July 7, 2006 at 7:28 AMOne of the best things happening in Washington DC for two weeks every summer is the Smithsonian Folklife Festival (http://www.folklife.si.edu/festival/2006/index.html and http://ronolesko.blogspot.com/) on the National Mall between the Capitol and the Washington Monument (see my blog of July . The Festival is a celebration of music, dance, crafts, and folklore from various cultures with the US and elsewhere. Of course, I especially like the music. I do volunteer work at night in the hotel where the participants in the Festival stay, helping them enjoy partying. Besides putting out food and drink at a buffet table, I get to talk with some of the participants. Best of all, I get to watch and hear them jam. I always love jams, but these jams are really special. There are so many musicians from different cultures who play different instruments and different kinds of music, and they all connect through the music they play together. It is very exciting.
This year there are musicians of various ethnicities, including French and Ukrainian, from Alberta; Native Americans from the Cree tribe; Hispanics currently living in Chicago but coming from many Latin American countries; and African-American musicians from new Orleans. Sometimes they played music from their own traditions, and sometimes they ventured into anything else, including Celtic, bluegrass, and American square dance music. The people from the Smithsonian who scout and recruit the musicians do a very good job. All of the musicians are top notch.
The Festival includes a series of evening concerts called Been in the Storm So Long, with performances by African-American musicians from New Orleans. Before they played, several of them spoke briefly about their losses in Hurricane Katrina – homes, music studios, musical instruments, photographs, and music memorabilia – losses that can not be measured in dollars. I heard them play hot jazz (none of this smooth, cool, wimpy stuff), swing, and R&B music. There was a dance stage, and lots of people got up and did swing dance or any other kind of dance they felt like doing. For an encore, the band played When the Saints Go Marching In, and people on the dance floor did a Second Line dance, a new Orleans tradition. At funerals, the First Line of family members is followed by a Second Line of people doing a kind of snake dance, accented by waving handkerchiefs in the air. It was all great.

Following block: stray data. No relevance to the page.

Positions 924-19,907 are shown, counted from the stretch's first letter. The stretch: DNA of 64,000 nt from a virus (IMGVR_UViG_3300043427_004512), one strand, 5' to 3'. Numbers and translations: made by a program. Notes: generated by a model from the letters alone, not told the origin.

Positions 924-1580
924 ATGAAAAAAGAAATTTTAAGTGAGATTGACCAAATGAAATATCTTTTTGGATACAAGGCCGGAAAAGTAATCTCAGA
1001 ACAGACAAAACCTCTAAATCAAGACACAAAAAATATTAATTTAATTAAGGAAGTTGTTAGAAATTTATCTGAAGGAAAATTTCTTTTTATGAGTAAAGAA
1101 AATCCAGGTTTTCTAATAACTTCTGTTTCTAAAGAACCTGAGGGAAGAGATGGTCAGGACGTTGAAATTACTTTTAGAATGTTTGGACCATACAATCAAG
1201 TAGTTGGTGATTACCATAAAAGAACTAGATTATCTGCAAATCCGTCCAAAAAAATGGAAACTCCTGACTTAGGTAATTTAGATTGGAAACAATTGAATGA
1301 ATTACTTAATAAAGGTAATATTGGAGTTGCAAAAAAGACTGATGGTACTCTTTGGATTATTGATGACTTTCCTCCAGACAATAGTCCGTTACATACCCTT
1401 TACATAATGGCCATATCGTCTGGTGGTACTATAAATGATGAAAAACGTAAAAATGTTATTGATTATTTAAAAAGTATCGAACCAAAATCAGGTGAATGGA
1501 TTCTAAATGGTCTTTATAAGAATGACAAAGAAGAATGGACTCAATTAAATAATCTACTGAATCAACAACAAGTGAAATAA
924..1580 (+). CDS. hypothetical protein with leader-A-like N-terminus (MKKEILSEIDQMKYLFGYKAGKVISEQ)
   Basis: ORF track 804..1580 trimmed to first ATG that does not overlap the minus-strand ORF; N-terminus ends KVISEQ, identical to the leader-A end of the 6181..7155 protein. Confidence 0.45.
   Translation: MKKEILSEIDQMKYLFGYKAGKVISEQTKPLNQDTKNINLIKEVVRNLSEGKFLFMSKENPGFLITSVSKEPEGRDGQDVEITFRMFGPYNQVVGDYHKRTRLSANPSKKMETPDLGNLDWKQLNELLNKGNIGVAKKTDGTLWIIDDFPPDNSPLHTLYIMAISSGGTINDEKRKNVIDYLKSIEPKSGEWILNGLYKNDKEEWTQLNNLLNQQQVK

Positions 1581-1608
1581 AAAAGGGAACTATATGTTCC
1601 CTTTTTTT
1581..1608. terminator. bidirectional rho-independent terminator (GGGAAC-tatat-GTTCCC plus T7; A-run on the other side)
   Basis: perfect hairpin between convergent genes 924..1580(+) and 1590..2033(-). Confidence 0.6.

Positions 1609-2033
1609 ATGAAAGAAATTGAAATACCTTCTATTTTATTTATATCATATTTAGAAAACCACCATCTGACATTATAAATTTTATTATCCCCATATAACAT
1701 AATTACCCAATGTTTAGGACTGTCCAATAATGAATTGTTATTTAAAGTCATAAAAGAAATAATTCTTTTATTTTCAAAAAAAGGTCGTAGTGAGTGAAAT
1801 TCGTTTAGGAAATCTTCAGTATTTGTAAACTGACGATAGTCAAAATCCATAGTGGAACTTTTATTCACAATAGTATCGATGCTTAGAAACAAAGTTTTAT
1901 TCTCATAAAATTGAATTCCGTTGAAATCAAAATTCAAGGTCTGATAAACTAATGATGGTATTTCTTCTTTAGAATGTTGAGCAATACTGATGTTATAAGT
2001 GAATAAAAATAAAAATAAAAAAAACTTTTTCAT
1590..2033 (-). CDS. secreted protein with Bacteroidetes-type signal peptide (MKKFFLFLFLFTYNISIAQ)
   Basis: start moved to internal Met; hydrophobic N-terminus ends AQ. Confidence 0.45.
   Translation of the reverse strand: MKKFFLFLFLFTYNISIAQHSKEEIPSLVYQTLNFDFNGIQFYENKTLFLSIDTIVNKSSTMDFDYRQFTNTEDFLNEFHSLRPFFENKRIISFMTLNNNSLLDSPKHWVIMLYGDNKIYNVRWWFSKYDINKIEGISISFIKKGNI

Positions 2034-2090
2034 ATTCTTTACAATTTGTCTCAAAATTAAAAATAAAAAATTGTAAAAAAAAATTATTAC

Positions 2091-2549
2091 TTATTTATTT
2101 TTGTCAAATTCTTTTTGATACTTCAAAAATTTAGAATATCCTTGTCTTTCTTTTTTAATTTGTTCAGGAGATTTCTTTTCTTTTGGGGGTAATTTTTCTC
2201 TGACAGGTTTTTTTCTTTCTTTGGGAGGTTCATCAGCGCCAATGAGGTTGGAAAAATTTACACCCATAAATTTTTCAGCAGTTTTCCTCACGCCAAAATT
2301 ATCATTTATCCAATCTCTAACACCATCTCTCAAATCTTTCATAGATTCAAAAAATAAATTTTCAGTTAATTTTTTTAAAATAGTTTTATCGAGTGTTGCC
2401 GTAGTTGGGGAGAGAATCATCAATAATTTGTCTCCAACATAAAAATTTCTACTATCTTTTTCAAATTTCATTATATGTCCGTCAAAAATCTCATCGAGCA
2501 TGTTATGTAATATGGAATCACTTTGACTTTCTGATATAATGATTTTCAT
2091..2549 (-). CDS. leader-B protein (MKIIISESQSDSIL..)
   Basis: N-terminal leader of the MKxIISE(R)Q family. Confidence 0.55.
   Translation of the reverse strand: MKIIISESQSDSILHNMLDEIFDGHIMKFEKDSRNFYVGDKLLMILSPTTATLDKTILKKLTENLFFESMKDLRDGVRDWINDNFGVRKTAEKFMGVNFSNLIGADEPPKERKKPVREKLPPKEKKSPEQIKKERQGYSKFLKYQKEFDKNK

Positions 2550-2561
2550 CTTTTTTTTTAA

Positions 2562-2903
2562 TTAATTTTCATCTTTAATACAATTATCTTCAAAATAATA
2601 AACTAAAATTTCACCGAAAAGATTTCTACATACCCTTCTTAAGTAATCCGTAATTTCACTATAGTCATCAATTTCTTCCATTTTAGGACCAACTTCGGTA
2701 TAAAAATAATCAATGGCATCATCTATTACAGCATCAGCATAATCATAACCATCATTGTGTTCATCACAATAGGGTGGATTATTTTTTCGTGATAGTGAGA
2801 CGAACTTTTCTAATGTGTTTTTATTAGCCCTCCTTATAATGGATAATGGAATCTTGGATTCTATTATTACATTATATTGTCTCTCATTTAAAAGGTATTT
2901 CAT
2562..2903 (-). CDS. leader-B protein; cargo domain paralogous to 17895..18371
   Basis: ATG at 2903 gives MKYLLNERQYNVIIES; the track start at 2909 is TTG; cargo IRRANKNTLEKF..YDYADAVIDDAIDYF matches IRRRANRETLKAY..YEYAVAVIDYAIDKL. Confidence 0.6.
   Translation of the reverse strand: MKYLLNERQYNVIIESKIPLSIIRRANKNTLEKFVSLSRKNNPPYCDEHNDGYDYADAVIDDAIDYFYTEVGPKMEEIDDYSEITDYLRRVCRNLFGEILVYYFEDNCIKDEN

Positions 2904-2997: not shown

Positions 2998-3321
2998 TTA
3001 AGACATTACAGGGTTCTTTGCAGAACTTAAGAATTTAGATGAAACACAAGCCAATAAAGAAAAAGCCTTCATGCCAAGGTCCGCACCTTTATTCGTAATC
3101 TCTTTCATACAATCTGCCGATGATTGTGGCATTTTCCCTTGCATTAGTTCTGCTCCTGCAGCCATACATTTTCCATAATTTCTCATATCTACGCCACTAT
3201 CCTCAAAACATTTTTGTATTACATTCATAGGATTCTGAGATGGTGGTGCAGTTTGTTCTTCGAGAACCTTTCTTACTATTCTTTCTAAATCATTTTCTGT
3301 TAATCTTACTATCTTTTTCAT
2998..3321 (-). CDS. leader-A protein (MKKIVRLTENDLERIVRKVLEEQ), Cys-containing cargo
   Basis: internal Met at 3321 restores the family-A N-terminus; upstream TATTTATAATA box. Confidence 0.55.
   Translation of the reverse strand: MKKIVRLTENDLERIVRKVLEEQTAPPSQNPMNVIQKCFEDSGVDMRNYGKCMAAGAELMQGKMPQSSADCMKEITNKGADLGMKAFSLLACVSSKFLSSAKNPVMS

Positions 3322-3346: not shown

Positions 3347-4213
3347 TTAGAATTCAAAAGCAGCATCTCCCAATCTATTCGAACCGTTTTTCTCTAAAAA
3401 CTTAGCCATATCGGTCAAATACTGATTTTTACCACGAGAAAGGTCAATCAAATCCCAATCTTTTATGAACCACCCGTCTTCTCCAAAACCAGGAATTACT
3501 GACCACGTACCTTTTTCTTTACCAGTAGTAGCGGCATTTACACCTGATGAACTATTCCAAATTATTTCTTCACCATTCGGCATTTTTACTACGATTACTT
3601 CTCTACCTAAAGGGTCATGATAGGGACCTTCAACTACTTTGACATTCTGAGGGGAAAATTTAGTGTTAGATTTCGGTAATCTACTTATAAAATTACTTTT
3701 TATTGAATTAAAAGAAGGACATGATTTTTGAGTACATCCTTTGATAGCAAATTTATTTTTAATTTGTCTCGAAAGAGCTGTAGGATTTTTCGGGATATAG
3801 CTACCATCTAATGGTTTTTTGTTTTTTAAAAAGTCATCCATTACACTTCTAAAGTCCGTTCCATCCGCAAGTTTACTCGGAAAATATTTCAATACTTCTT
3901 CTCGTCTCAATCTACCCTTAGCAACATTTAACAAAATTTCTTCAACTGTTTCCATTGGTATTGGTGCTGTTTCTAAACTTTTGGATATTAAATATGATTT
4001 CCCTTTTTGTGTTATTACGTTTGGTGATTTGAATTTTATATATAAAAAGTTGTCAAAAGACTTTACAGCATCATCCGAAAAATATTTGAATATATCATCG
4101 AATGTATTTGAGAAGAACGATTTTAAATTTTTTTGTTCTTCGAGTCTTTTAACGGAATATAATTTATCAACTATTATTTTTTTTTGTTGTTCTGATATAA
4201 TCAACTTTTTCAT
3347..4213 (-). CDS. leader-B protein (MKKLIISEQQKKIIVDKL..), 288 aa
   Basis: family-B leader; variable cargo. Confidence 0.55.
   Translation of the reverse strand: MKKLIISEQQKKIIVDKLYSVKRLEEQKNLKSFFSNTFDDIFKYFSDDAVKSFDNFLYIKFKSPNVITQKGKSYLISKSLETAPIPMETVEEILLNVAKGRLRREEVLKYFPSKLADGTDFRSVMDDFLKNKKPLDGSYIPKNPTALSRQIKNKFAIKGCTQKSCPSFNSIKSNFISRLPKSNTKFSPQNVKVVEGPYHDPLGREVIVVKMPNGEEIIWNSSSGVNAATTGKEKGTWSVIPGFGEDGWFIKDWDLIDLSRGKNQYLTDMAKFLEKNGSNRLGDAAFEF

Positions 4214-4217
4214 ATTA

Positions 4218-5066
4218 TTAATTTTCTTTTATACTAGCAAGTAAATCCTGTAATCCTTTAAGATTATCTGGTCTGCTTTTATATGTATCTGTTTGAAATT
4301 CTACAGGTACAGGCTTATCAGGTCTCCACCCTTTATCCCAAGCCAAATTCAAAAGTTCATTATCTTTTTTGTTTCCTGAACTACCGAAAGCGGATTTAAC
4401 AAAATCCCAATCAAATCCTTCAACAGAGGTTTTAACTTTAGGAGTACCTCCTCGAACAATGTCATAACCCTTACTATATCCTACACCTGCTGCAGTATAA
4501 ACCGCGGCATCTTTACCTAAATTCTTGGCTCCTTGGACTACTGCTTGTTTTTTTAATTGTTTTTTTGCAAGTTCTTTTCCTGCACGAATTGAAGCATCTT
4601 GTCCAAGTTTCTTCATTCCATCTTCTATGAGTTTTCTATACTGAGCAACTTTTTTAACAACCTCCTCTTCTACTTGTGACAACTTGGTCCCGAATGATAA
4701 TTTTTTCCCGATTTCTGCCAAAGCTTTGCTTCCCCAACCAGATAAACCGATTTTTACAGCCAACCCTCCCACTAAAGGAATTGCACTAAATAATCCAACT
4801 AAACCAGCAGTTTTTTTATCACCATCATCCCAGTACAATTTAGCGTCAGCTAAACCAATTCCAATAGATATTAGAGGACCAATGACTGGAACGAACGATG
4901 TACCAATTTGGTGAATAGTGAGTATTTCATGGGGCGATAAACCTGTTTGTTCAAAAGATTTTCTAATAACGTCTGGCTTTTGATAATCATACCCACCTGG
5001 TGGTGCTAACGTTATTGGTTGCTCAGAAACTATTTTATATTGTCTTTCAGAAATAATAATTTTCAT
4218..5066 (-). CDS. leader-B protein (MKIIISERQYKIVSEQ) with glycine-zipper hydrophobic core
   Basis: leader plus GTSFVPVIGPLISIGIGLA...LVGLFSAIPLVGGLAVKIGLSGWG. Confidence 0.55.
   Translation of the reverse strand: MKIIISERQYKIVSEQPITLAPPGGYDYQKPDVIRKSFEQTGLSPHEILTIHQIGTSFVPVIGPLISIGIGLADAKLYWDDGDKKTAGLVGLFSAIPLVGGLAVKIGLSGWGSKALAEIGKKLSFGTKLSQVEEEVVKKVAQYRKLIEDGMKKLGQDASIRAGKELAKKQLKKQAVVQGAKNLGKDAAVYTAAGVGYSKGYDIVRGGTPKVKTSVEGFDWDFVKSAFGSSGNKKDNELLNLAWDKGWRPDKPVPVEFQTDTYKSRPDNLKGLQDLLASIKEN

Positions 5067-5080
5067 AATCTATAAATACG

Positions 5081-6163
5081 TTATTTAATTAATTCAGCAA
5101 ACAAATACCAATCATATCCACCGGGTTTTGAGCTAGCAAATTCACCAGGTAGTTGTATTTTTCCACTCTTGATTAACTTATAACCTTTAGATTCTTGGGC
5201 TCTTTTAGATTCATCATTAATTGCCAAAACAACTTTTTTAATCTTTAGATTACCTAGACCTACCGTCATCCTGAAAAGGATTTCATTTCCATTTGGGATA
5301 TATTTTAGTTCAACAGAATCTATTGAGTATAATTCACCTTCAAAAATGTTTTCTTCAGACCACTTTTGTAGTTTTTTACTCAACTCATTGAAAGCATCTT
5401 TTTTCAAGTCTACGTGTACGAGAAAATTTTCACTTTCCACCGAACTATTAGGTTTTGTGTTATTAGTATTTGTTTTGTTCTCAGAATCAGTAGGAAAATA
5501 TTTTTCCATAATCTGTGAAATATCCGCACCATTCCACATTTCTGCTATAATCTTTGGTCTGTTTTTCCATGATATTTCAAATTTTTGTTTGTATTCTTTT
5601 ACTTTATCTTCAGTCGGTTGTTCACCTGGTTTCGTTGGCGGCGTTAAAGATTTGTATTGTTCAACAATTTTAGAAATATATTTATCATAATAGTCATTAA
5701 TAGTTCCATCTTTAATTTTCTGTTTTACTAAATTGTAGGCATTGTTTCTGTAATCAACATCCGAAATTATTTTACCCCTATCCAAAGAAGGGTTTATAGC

At one jam session I was treated to Celtic music played by a harper and a fiddler from Alberta and several Hispanic musicians who followed their lead. The harp was very modern. It’s frame was made of carbon fiber with a hinge in the middle. It can be folded up without removing the strings and carried on an airplane. I asked the harper whether she flew on Delta, and she said no.
Some of the Hispanic instruments were very interesting, too. There were many stringed instruments which were strummed or plucked. (I describe them as guitar-like because I don’t know their names.) There was one that I especially liked, so I asked the musician, who was from Puerto Rico, what it was called, and he said something that sounded like “quatro.” I doubt that I got that right because it has five pairs of strings. The sound is absolutely beautiful, a bit like a mandolin, but much more deep, rich, bright, and fluid. The musicians made incredibly beautiful music with it. It sounded like the heart and soul of Hispanic dance music. I asked another Puerto Rican musician about his percussion instrument. It was made from a Puerto Rican gourd. The outside of the gourd was scraped smooth and painted decoratively, and one part of it was scored with a series of finely spaced lines. The player brushed a metal tool across the lined part to make a percussive sound. (My crude explanation does not do it justice. It has a really pleasant sound.) One of the Hispanic fiddlers used a beautiful, brightly colored, woven material to cover his instrument in its case. He also used Dominant strings.
So far, the music has been fantastic, and there’s more to come.
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